Maywood Organic Fig Farm Tour
My family and I were fortunate to visit Bob Steinacher from Maywood Farm for a personal tour of his 172 acre organic fig farm in Corning, California, located just 2 miles off of Highway 101. I parked in front of the packing shed next to a vehicle with the license plate “Fig Farm” and knew I was in the right place.
Bob was busy at work in the packing shed along with his wife and son when we walked in. You could feel the energy of the packing shed as the workers sorted the figs in the bins coming in off the field into ripe and extra ripe boxes. The extra ripe fig boxes are marked with an X for a select few customers. Once the figs are stacked onto pallets they are brought into the coolers. The field heat must be taken out of the fruit to maintain the quality of the figs while they are being shipped to wholesalers all over the country.
Bob took us into the cooler where a large suction fan can cool down up to 8 pallets or 15,000 pounds of fruit from 90 to 36 degrees in 4.5 hours. Peak production is over and the coolers have only a few pallets. It is starting to cool down during the day and night and with shorter days it doesn’t heat up as much.
Bob asks if we are ready to tour the orchards and with a resounding YES we all climb into his ATV. Bob grows organic black mission, brown turkey, kadota, excel and adriatic figs with the majority of his acreage dedicated to black mission. Our first stop was a section of the black mission fig trees where Bob points out where the new growth was growing off the old branches. Some of his black mission trees are 32 years old and grow the biggest out of all the varieties. They cut them down to 6ft every year so they can pick them from the ground. The figs start ripening at the base of the limbs on the new growth and continually ripen up the branch. The trees can get so thick that you can’t get into the center of the tree to pick and the fruit doesn’t color up properly if it is too shaded. Most of the wood is pruned back by hand and Bob has 10 workers that prune all the fig trees for about 2 months each year.
Everywhere we look, black mission figs are scattered on the ground under the trees. Bob tells us “It so hard to see fruit go to waste. We work so hard to grow it but we can’t pick it fast enough. It came on too hot and for too long with many 100 degree days. We got as many workers as we could at the time, but we peak out at around 100 workers and then the quality of the workers is not as good.” Bob finds us a few dried figs on the ground and we munch on these heavenly treats as we climb back in the ATV and we are off to visit sections of Kadotas, Excels and Adriatic figs.
The white varieties are easily susceptible to sunburn and we can see many figs that have started to turn brown from the heat. The adriatic is my personal favorite with his bright red flesh that is soft and sweet like raspberry jam. Lucky me- Bob tells me has a clamshell of adriatic and black mission figs to take on our road trip up to Oregon. I can’t wait. It is after 1pm and the workers are picking black mission figs so we head over to visit them.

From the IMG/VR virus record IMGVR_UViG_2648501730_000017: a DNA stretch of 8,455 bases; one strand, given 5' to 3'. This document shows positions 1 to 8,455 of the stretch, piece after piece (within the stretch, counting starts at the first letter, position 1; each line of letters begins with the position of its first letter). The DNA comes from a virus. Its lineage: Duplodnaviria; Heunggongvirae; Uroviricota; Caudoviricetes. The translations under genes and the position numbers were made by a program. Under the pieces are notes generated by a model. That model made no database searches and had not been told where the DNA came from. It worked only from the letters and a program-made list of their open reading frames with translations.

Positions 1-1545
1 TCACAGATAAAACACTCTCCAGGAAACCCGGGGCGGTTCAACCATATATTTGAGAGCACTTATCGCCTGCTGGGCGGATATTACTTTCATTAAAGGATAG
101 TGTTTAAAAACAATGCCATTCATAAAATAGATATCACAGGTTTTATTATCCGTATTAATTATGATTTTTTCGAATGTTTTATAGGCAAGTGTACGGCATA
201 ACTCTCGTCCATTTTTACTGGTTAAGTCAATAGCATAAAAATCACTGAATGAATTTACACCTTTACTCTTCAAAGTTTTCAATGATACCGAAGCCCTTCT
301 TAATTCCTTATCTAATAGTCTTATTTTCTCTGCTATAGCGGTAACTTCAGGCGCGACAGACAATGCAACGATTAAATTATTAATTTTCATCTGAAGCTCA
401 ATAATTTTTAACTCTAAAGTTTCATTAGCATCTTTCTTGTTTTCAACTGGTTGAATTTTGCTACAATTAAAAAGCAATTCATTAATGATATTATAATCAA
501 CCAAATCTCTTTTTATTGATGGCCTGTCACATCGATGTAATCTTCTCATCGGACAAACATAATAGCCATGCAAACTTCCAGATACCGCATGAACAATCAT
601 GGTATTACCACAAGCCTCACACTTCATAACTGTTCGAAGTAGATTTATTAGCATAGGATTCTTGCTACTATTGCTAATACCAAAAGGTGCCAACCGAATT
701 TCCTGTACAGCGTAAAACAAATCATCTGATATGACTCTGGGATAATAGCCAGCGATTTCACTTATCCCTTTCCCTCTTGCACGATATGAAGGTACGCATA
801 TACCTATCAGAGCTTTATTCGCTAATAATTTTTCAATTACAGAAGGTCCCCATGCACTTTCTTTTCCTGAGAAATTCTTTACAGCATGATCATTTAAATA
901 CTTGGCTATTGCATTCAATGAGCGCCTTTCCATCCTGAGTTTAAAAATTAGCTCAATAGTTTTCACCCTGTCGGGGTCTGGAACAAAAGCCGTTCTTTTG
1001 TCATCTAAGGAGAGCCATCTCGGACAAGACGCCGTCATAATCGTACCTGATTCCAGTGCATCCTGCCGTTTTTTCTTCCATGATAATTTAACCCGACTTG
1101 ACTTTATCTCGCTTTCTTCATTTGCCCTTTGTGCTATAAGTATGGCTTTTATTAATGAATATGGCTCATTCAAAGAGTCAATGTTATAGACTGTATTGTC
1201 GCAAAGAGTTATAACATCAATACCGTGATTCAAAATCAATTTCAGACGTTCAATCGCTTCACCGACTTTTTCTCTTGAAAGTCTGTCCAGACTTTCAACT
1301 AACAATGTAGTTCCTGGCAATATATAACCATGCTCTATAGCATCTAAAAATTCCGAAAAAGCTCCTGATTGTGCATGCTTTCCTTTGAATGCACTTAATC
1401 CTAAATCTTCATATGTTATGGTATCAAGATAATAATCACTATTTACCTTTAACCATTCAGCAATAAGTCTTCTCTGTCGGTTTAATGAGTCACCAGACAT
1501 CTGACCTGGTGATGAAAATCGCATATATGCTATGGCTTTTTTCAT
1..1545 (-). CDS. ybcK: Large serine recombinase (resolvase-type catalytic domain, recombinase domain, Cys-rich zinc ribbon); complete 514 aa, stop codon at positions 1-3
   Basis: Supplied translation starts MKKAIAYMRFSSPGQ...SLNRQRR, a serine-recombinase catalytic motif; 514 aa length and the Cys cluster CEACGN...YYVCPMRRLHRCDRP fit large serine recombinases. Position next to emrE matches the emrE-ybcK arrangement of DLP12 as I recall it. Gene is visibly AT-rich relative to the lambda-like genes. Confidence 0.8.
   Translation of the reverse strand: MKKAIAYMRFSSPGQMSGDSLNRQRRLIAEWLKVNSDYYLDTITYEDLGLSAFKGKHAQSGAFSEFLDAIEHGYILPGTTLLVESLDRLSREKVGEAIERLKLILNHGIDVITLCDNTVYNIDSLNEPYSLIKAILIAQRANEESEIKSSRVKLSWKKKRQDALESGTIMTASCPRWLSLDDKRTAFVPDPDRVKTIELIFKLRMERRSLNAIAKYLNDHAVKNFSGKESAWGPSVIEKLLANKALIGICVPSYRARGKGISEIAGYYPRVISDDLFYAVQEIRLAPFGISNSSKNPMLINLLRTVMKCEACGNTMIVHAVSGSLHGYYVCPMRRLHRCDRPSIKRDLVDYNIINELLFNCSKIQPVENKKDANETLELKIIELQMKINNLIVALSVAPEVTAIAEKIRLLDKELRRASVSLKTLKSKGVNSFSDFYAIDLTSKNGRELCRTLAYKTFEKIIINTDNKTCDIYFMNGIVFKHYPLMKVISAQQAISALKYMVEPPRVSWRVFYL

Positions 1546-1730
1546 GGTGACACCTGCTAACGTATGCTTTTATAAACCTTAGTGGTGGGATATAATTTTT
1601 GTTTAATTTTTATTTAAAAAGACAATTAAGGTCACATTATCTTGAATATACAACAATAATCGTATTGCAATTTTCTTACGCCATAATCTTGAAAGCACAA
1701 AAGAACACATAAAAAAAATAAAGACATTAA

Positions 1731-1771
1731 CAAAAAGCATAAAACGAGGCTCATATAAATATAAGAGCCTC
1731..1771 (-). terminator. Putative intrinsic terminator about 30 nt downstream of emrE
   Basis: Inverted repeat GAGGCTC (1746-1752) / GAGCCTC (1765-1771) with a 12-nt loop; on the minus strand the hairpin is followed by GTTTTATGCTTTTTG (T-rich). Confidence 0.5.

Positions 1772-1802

The workers start picking at 6:30am and finish at 5pm, working 10 hours a day, 6 days a week. On the 7th day, Sunday, they work 8 hours. The temperatures are in the 90’s but the workers are covered head to toe, protecting themselves from the sun, the irritating hairs on the fig leaves and the milky latex sap that comes from both the branch and the fig as it is broken off. The latex causes burning so they wear gloves and tape their fingers to protect themselves. A tractor places yellow boxes throughout the orchard for workers to dump their buckets into. The boxes are then stacked and the tractors will come back through, picking up the full buckets and empty buckets to continue scattering them forward. One man is charged with coming through the orchard with water for the workers since they move so much they can’t have stationary water stations. When it is time for lunch the workers take their break in the shade under the trees and their lunch is brought out to them on a truck.
I had the pleasure of meeting Jose Torres, Employee Safety Officer for Maywood. Jose is in charge of taking care of all the workers in the orchard. If they hurt themselves or don’t feel good, they come to him. Jose was full of smiles and very proud of his job. You could tell he really cares about making sure all of the workers are taken care of. A few of the workers posed for a photo and continued picking. Figs ripen on the tree and it is a special skill to know when a fig is ready to be picked. Most of Bob’s workers continue to come back and work for him year after year.
Our final stop was a part of the orchard reserved for fig experimentation. Bob was really excited about the flavor of the Trojano Fig. “This is a really really good white fig I am propagating to plant out. It is a Spanish variety and it is not tart sweet”. He offered us a ripe fig off the vine and it was almost better than an adriatic. I hope Bob starts growing and selling the Trojano soon. It was a fig to swoon over. Bob was an amazing host with lots of energy and excitement about his fig orchard. Hot and sweaty, my family and I said a big thank you and goodbye. We munched on those figs the rest of our trip and remembered how fantastic our tour was.
The good news is that even with the recent cooler weather, this year will be better than last year. 2015 ended extremely early with no fruit in September and October. This year there is still lots of green fruit on the tree and Bob expects slower production through September and into a good part of October.